DIRECTOR: Alfred Hitchcock
Alfred Hitchcock’s attempt at comedy; Blackest of black, certainly for the time in which this was shot, The Trouble With Harry is that like the majority of comedy vehicles, its shelf life was inevitably limited.
The film’s most notable boast is that it introduced Shirley MacLaine to the big screen in her first role as the eponymous’ “Harry’s” estranged wife, as she joins a perfectly good cast, all performing, in a many ways, better than the cast’s do in many Hitchcock films. Whilst Hitchcock always manages to bring something different and in many ways iconic to the screen, this is not one such example.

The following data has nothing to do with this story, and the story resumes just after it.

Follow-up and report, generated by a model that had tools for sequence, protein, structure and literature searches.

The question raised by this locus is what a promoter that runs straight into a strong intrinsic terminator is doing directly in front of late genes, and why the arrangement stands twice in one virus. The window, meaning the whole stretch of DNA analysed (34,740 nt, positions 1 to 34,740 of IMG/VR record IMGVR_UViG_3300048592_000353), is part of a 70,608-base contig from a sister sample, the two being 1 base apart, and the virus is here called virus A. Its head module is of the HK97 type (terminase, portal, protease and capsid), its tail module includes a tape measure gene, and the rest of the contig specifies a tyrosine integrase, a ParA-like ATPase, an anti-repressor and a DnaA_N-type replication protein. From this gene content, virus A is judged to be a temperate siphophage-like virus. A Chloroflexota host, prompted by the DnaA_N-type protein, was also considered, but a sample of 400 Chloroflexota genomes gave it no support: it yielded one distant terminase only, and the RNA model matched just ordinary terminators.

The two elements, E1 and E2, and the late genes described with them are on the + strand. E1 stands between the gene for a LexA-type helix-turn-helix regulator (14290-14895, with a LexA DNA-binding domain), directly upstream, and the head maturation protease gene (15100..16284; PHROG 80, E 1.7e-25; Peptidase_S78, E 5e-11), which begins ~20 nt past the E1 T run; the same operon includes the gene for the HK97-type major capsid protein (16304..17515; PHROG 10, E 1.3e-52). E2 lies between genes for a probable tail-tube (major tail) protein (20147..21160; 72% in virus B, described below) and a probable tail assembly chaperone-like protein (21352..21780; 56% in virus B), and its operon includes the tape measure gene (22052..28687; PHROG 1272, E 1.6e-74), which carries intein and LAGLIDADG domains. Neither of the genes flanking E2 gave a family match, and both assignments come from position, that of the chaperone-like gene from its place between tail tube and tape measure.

This is a borderline mediocre comedy following the events surrounding the body of “Harry” who several characters believe themselves to be responsible for his untimely death. In fact, none of them are, but this does not stop the motley group from burying, exhuming and re-burying his several times throughout the day.
In the end, this is a gentle comedy by today’s standards and whilst being macabre in nature, comedy has taken a much darker and sinister turn since 1955, so this feels tame, cocky in comparison and nothing more than just mildly amusing.